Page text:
A traveler friend once said that a Batanes trip is incomplete if you don’t experience a storm. On my last day in the province, all tours were canceled because of Typhoon Henry. Hell-bent, I coerced Art, the tour guide, to take me to South Batan. Waterproofed with helmets and thick raincoats, we braved the piercing rain and the slippery roads on a motorcycle. The Marlboro Hills was worth the risk. Originally called Racuh a Payaman, it was nicknamed “Marlboro Country” by some foreign tourists because the vastitude of the green rolling hills reminded them of the Marlboro Cigarette advertisement. It looks much like Vayang, but has wider and gentler slopes. Mt. Iraya, which stood from afar, hid bashfully behind the dark thick clouds. According to the old Ivatans, whenever clouds circle its apex, somebody in the province is dying. Only one thing proved to be true that moment: Racuh a Payaman is beautiful despite the melancholic skies.

Beautiful despite the gloomy skies

Beautiful despite the gloomy skies

DSC04461   4.) Unique Beaches

Valugan Boulder Beach

When Mt. Iraya erupted in 1454, it spewed out boulders onto the shore. These volcanic rocks were eventually smoothened by the angry waves of the Pacific Ocean. Valugan Boulder Beach is part of the North Batan Tour.

DSC03789  Morong Beach/ Nakabuang Cave/ Mayahaw Arc

The beautiful Morong Beach, which has a long stretch of white grainy sand, is located in Brgy. Malakdang in Sabtang Island. It is adorned with a huge natural arc formation called Mayahaw Arc. Beside it is the small Nakabuang Cave.

DSC04346DSC04365DSC04337White Beach

This roadside beach with white grainy sand is surrounded with towering rock cliffs. White Beach is included in the South Batan Tour.

DSC04592   5.) Old Stone Houses

Chavayan and Savidug Villages

Walking along the drowsy streets of Chavayan Village was like entering a time warp. Backdropped by towering rock cliffs, the centuries-old stone houses line up like weary veterans who survived countless wars. “These walls are made of limestones, dead corals, boulders and firewood. It takes a long time to build one,” Art explained as I ran my fingers through the rough thick walls. The houses are roofed with several layers of Cogon and Vuchid grass, about 1/3 of a meter thick. The Spaniards introduced the limestone technology when they claimed Batanes in 1783. The stone houses were obviously designed to withstand the extreme weather conditions in the islands. The Villages of Chavayan and Savidug in Sabtang Island still abound with these old-fashioned houses.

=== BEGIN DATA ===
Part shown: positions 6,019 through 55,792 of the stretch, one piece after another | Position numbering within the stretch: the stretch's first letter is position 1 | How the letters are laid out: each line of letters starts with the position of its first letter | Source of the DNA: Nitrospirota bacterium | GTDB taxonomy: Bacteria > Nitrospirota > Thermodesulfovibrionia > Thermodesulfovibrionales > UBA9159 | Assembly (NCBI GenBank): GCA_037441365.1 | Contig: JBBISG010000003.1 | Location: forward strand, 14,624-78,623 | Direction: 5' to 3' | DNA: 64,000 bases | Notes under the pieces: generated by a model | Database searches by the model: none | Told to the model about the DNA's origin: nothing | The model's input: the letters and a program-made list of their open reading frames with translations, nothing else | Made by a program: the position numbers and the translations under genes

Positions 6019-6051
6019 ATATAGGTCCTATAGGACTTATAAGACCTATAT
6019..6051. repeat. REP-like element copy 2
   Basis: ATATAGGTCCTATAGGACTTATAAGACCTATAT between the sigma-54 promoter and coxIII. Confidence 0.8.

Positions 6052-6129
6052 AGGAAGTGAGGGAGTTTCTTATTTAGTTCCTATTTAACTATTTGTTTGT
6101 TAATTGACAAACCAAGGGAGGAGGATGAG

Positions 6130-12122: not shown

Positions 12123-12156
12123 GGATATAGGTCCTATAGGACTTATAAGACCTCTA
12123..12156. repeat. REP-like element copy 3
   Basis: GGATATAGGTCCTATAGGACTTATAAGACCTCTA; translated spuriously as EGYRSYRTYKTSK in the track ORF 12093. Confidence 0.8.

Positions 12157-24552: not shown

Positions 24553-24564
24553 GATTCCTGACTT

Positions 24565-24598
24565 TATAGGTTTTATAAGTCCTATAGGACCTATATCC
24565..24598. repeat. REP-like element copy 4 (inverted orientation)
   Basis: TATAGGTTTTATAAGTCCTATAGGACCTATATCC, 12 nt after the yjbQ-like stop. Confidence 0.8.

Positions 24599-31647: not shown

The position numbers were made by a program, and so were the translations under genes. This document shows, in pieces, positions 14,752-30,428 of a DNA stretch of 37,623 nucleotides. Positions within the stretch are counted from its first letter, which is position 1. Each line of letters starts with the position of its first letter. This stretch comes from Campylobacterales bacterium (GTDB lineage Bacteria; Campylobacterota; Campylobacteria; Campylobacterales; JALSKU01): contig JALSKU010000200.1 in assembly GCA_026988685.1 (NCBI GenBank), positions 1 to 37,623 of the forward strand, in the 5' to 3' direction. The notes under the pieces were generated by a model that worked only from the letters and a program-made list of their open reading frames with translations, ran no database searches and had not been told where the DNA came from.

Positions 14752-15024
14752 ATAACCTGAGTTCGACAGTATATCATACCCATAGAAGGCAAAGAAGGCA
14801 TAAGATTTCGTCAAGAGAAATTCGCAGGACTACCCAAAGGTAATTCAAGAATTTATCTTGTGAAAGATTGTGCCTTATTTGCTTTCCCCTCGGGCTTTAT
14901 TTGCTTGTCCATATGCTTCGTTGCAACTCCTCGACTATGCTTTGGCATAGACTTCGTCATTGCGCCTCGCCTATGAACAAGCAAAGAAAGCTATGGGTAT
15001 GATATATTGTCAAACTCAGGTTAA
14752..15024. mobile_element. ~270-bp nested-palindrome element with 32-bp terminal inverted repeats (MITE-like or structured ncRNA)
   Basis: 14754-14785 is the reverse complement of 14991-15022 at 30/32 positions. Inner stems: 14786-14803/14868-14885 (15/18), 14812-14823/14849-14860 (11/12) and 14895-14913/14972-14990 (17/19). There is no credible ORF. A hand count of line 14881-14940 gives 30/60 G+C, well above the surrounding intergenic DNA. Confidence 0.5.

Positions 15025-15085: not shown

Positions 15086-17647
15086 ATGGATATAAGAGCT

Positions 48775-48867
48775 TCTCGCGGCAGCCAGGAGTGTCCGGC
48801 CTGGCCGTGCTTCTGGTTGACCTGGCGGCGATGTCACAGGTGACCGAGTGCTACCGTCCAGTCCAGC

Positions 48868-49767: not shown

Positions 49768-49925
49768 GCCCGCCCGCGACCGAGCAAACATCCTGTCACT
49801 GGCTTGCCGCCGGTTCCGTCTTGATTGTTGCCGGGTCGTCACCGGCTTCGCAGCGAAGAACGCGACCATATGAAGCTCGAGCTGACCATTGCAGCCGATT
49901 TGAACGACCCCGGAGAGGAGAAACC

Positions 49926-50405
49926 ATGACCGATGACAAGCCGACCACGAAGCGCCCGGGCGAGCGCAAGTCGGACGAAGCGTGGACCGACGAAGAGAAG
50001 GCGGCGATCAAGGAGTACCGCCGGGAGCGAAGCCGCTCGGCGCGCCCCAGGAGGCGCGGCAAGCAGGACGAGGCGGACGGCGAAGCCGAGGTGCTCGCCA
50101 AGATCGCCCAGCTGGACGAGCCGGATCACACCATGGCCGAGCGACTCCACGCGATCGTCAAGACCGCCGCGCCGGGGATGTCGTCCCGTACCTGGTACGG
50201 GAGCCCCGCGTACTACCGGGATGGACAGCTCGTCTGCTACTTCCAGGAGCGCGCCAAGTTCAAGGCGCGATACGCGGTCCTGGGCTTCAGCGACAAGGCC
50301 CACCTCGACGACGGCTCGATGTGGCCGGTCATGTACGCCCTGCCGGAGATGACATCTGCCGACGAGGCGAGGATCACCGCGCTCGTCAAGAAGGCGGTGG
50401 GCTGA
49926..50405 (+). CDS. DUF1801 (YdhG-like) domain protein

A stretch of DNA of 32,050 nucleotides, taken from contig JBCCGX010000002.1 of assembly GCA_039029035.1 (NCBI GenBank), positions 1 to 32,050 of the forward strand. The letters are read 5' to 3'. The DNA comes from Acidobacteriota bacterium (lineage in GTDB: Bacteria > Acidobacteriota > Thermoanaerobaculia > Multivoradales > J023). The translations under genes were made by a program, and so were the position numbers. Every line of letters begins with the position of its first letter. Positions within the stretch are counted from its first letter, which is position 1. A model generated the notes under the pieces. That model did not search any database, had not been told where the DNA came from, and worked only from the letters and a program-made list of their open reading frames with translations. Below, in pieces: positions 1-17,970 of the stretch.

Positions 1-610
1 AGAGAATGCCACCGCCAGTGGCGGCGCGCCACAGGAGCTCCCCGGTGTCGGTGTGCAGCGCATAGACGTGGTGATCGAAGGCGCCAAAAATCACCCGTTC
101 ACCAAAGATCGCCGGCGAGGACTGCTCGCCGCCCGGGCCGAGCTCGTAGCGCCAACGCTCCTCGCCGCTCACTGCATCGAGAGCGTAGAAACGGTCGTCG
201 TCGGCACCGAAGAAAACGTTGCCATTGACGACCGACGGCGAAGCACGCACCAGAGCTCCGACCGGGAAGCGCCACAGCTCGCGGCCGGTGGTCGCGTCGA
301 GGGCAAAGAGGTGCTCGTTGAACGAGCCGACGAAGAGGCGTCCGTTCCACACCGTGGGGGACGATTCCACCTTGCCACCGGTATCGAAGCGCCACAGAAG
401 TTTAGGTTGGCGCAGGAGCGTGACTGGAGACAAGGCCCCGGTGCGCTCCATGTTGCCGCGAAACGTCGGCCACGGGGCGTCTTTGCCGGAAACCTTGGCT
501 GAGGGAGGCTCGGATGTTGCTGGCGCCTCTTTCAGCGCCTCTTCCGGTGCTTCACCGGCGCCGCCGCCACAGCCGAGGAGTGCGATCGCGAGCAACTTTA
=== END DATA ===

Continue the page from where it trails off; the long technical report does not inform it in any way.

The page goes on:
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Wala kayo sa lolo ko!!!!

DSC04316DSC04312DSC04298 DSC04065 DSC04322 DSC04294   House of Dakay

The House of Dakay is the oldest and most beautifully preserved stone house in Batan Island. It was constructed in 1887 and had survived the magnitude 8.3 earthquake in September 1918. The House of Dakay is part of the South Batan Tour.

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There House of Dakay

DSC04553DSC04568   6.) Beautiful Churches

Tukon Church or Mt. Carmel Church

Imagine your wedding on a small stone house-inspired hilltop church overlooking the seemingly infinite waves of rolling hills and the stunning view of the Pacific Ocean and West Philippine Sea on both sides. Breathtaking, isn’t it? As if the scenery outside wasn’t enough, the ceiling of the church has beautiful paintings of saints made by the scholars of the late Pacita Abad, an internationally-acclaimed artist. Woodcarvings of the Stations of the Cross, shipped from Paete Laguna, decorate the white walls. Mt. Carmel Church is part of the North Batan Tour.

The hilltop Tukon Church is in between Pacific Ocean and West Philippine Sea

The hilltop Tukon Church is in between Pacific Ocean and West Philippine Sea

DSC03644 DSC03658   Sto. Domingo Church

The church was built in 1783 in honor of Sto. Domingo De Guzman. It burned down in 1860 and was rebuilt in 1863. It survived the Filipino-American War in the late 1800’s and World War II in the 1940s. A large part of it crumbled during the earthquake in 2000 and was restored in 2002. Sto. Domingo Church is included in the North Batan Tour.

Sto.Domingo Church

Sto.Domingo Church

Chavayan Chapel or Sta. Rosa De Lima Chapel

The chapel stands among the ancient and weary stone houses in Chavayan Village in Sabtang Island. This is the only remaining church with a cog on roofing.

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Chavayan Chapel

Church of Ivana

This church was built in 1795 and also crumbled during the earthquake in 2000. It was restored in 2001. The Church of Ivana is usually part of the South Batan Tour.

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The Church of Ivana

San Lorenzo Ruiz Chapel in Imnajbu

The chapel is young, built only in 2000. The site, however, was where the first mass and the first baptism in the Batanes soil were administered. This is included in the South Batan Tour

San Lorenzo Ruiz Chapel

San Lorenzo Ruiz Chapel

7.) Charming Lighthouses

Basco Lighthouse, Naidi Hills

Like a soldier who had just won a battle, the Basco Lighthouse stands boldly on the lush greens of Naidi Hills, facing the crumpled terrain of Batan Island, the billowing waves of the Pacific Ocean and the boulder-fringed Baluarte Bay. In the 1920s during the American regime, the telegraph facilities were installed on this site. The lighthouse during sunset is a sight to behold. Basco Lighthouse is included in the North Batan Tour. DSC03946DSC03951DSC03969 DSC03940   Malakdang Lighthouse